Monday, April 15, 2013

Five Diverse Middle Grade Novels in Verse

Continuing our celebration of National Poetry Month in the U.S., here are five middle grade novels in verse. Enjoy and Happy Poetry Month!

Planet Middle School
written by Nikki Grimes
Planet Middle School
You can read a great review of Planet Middle School at Coastline Books.

Inside Out & Back Again
written by Thanhha Lai
Inside Out & Back Again
This book was showered with praise when it was published, winning the National Book Award, as well a Newbery Honor, and garnering multiple starred reviews. All the praise was well-earned. This semi-autobiographical story follows ten-year old Hà and her family from war-ravaged Saigon to the United States. Though times were hard in Vietnam, Hà was happy with her family, growing her papaya tree, and excelling in her studies. Hà struggles with the harsh realities of life aboard the rescue boat that eventually takes her family to a refugee camp, and with adjusting to her new home in Alabama. Life in the United States is very different than Saigon, and Hà is ostracized, cruelly mocked, and teased in her new school. She struggles to understand not only a new language, but a new culture, foods, and landscapes. The sense of place that Lai evokes in this book is exquisite, making her readers feel they are with Hà on every step of her journey. The poetic form helps readers grasp at least a fraction of the depth and intensity of Hà's emotions as she makes her way through the incredibly tumultuous year chronicled in this book. You can read more about Inside Out & Back Again at Goodreads. 
Home of the Brave
written by Katherine Applegate
Home of the BraveHome of the Brave
An earlier novel (2008) by recent Newbery Award winner Katherine Applegate, Home of the Brave, is a lovely book that tells the story of Kek, a young Sudanese boy who comes to the United States as a refugee. The violence in his homeland reduced his family to just his mother and himself, but with his mother missing after an attack on their refugee camp, Kek goes to live with his aunt and cousin in Minnesota. I fell in love with little Kek who is heartwrenchingly earnest and pure of heart, despite the atrocities he has witnessed. Appelgate does a superb job of communicating the trauma Kek has experienced without being graphic. As he adjusts to a world of material abundance, Kek finds both pain (in being mocked by fellow students; weathering the harsh mid-Western winter; assimilating to a new and very foreign culture; dealing with the past), but also many joys (his friendship with a neighbor; his wonderful ESL teachers and classmates; a forlorn cow and her owner) in his new home. You can read more about Home of the Brave at Goodreads.

written by Karen Hesse

It has been many years since I read this book, but I remember enjoying it. Told through 11 voices, this story is set in a small Vermont town in 1924 that has a newly formed branch of the terrorist group, Ku Klux Klan (KKK). Leonora, who is twelve and Black, and Esther, who is six and Jewish, have both come under attack by the KKK. Hesse gives the different perspectives of the townspeople's reactions to the KKK's actions, some of whom know what is going on is wrong and do nothing, and some of whom stand up for what's right. You can read more about Witness at Goodreads.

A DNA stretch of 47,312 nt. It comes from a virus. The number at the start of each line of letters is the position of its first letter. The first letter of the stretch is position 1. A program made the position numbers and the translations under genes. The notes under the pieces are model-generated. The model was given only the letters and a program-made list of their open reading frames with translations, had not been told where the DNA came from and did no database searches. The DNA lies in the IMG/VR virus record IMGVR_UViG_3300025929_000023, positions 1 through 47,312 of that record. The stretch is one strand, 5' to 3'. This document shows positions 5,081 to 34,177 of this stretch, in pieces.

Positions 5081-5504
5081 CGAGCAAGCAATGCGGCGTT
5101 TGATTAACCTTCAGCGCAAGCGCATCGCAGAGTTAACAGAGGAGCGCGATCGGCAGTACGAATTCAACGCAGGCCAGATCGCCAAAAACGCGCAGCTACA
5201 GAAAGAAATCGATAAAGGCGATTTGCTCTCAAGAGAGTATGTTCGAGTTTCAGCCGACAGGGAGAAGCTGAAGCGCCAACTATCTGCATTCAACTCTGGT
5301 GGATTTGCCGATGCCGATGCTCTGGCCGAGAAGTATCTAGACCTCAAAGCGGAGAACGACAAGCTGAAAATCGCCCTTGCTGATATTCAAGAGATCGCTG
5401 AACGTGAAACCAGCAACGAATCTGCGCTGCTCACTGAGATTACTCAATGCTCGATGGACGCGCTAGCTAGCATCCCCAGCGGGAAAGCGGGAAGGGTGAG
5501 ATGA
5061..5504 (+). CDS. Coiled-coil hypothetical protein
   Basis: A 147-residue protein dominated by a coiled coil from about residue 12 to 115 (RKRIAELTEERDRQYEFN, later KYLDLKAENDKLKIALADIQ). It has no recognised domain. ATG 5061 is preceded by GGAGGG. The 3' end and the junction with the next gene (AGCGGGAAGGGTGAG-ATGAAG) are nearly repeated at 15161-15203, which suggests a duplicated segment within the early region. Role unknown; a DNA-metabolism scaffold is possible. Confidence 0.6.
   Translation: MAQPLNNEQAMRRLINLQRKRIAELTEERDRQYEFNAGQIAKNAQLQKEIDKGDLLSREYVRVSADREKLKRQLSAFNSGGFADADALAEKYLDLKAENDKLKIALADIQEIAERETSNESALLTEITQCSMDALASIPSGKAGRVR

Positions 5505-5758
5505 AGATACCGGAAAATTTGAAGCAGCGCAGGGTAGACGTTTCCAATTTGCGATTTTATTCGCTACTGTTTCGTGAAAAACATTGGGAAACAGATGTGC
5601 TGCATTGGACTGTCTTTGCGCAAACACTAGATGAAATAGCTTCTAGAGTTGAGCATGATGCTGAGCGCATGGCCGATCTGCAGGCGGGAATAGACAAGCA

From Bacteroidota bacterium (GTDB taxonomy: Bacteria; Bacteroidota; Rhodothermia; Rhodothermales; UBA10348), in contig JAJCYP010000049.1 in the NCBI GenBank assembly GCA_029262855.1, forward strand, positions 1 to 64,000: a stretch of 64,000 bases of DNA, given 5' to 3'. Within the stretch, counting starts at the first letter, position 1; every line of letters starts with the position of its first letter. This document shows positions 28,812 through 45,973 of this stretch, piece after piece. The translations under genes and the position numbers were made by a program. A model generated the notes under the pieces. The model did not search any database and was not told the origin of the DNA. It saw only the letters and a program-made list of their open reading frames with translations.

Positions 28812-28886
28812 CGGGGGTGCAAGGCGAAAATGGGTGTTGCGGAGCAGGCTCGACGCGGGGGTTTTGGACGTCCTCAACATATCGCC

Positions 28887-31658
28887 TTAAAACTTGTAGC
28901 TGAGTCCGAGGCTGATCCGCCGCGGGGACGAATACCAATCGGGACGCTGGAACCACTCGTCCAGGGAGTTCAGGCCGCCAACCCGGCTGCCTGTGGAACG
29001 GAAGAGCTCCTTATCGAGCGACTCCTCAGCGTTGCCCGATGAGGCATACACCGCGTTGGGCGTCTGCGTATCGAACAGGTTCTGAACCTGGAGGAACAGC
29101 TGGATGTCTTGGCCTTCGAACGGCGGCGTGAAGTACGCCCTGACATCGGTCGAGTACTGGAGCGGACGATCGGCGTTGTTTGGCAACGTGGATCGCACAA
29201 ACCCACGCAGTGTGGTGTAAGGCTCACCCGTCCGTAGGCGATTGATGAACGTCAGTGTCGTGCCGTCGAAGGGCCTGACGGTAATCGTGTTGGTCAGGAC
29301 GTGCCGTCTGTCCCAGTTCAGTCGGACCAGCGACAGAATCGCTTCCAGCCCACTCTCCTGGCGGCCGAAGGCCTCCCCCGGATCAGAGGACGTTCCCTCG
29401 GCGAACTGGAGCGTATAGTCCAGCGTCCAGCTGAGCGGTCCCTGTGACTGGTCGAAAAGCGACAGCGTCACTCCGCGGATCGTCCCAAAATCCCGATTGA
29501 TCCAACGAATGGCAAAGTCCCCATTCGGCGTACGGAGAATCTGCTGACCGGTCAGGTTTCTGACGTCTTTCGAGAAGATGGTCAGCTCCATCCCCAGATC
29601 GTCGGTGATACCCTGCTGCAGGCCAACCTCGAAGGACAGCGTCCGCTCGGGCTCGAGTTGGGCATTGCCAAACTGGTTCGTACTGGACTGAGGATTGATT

written by Helen Frost

*This one is a bit tricky as the friends who recommended it to me (thank you, friends!) said that the content can be a bit heavy and feels more YA than middle grade at the times, so this might be a good choice for older middle grade or younger YA readers.
**I have now read Hidden myself and agree that it is appropriate for the 10-14 age range, depending on the maturity of the reader. There's no questionable content, in my opinion, but there are some heavy (though important to see in children's literature) themes.

Told in the alternating voices, Hidden tells the story of two girls, Darra and Wren,  both with tightly guarded secrets and answers the other seeks. When Darra and Wren were eight-years old, Darra's father stole a minivan with Wren hidden inside. At fourteen, the girls meet for the first time at a summer camp and must choose if they are willing to reveal the truth to each other. You can read more about Hidden at Goodreads.

Do you have any favorite diverse middle grade novels in verse? We'd love to hear about them in the comments!


  1. I have actually not read any of these! I do like books in verse, though. Thanks for sharing at The Children's Bookshelf.

    1. One good thing about novels in verse is they are such quick reads. We hope you enjoy them! It's our pleasure to share with The Children's Bookshelf!